Colorado Springs has always drawn active and outdoorsy residents and visitors; cyclists in particular. Our scenic roads and challenging terrain are irresistible for riders. Cycling requires some amount of fearlessness towards personal injury. Still, riders participate in their sport at the mercy of the automobile drivers with whom they share the roads. Causing your own spill off a bicycle is one thing, incurring a personal injury because of an inattentive or reckless driver is another story.
Colorado legislation made some headway for riders nearly two years ago when the Bicycle Safety Act was signed into law on Aug. 5, 2009. We finally established some good, common sense behavior as the legal requirement of drivers and cyclists throughout the state. It’s hard to believe we had to make a law against the harassment of cyclists, but we did: Throwing an object at a cyclist is now a Class 2 misdemeanor; while threatening a cyclist or crowding a cyclist with your vehicle are both careless driving offenses.
One of the more recognized rules established by the Bicycle Safety Act is one that cyclists from all 50 states are working to enforce. The “3 Feet Law” requires motorists give 3 feet of space between their vehicle and all cyclists sharing the road. National Highway Traffic Safety Administration statistics show that 2% of all 2009 traffic fatalities were cyclists. The percentage of cyclist fatalities has been creeping up over the years even though the actual number of fatalities dropped in 2009. That means the “3 Feet Law” is a step in the right direction, but there’s still work to be done in the name of reducing fatal personal injuries to cyclists in Colorado and across the country.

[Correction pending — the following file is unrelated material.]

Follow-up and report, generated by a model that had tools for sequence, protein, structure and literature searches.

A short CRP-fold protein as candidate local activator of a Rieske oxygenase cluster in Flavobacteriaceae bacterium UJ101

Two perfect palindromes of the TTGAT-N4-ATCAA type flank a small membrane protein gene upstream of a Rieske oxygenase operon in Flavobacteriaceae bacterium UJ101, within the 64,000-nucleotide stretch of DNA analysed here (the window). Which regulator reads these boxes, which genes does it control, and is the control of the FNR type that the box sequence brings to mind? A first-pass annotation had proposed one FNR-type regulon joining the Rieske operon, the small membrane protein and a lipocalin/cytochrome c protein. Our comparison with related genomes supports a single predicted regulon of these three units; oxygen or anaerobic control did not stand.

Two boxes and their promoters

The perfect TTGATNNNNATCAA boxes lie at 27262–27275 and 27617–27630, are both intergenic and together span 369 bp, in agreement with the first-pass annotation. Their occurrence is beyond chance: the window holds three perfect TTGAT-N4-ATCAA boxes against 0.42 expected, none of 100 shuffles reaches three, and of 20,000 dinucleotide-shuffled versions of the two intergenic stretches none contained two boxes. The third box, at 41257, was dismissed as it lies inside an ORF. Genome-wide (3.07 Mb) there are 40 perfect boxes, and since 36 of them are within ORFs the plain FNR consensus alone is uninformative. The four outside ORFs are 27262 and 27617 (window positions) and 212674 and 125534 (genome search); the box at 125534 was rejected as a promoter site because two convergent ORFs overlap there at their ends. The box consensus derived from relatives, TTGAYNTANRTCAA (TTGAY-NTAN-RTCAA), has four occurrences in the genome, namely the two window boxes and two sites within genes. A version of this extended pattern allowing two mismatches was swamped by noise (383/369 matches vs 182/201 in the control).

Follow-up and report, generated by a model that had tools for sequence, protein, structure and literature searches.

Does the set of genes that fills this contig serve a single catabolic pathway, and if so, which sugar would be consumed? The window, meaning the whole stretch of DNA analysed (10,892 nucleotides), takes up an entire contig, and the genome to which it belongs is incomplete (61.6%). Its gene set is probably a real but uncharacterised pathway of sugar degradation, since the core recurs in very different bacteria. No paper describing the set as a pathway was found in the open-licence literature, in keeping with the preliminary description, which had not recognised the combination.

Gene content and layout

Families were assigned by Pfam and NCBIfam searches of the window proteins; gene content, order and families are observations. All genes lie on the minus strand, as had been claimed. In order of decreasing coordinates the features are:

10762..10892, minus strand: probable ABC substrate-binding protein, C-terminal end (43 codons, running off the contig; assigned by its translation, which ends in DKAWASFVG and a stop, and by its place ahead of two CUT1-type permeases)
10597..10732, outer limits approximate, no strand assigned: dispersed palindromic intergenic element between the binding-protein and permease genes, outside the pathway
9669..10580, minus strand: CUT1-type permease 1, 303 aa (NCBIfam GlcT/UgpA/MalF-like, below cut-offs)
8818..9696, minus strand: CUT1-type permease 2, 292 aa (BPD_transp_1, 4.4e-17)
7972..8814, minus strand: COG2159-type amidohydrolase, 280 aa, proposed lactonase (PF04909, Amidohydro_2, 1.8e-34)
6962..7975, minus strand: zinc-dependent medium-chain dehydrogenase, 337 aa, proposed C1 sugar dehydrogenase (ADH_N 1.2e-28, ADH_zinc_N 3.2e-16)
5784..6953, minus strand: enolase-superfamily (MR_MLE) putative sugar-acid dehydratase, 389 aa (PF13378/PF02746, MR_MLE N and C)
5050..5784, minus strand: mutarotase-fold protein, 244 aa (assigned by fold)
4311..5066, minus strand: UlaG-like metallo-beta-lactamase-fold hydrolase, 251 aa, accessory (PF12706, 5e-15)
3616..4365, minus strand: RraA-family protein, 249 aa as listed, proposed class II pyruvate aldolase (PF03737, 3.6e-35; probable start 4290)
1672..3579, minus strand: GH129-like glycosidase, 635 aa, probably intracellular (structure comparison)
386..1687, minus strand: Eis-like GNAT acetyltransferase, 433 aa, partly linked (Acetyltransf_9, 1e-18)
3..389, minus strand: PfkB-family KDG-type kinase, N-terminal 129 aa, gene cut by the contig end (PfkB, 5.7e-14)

This may be where representation by the people for the people comes in to play. Colorado Springs just elected a new city councilman who happens to be a cyclist, and Tim Leigh has hit the ground running with the creation of what he calls Colorado Springs’ first “shareway.”
Councilman Leigh has already raised half the funds needed to paint special bike-friendly markings on Pikes Peak Avenue/Colorado Avenue from Union Boulevard all the way to Manitou Springs. He calls the markings “Sharrows,” a clever hybrid of the words “share” and “arrow.” The Sharrows are to be painted every 250 feet as a courtesy reminder to drivers to move over and share the road with cyclists.
Here’s hoping Colorado Springs continues to lower our personal injury statistics involving cyclists. Maybe next year we will have edged our way into the Top 10 of America’s Best Bike Cities.
Keep up with Councilman Leigh’s and his progress on the Sharrows via Pikes Peak Sports.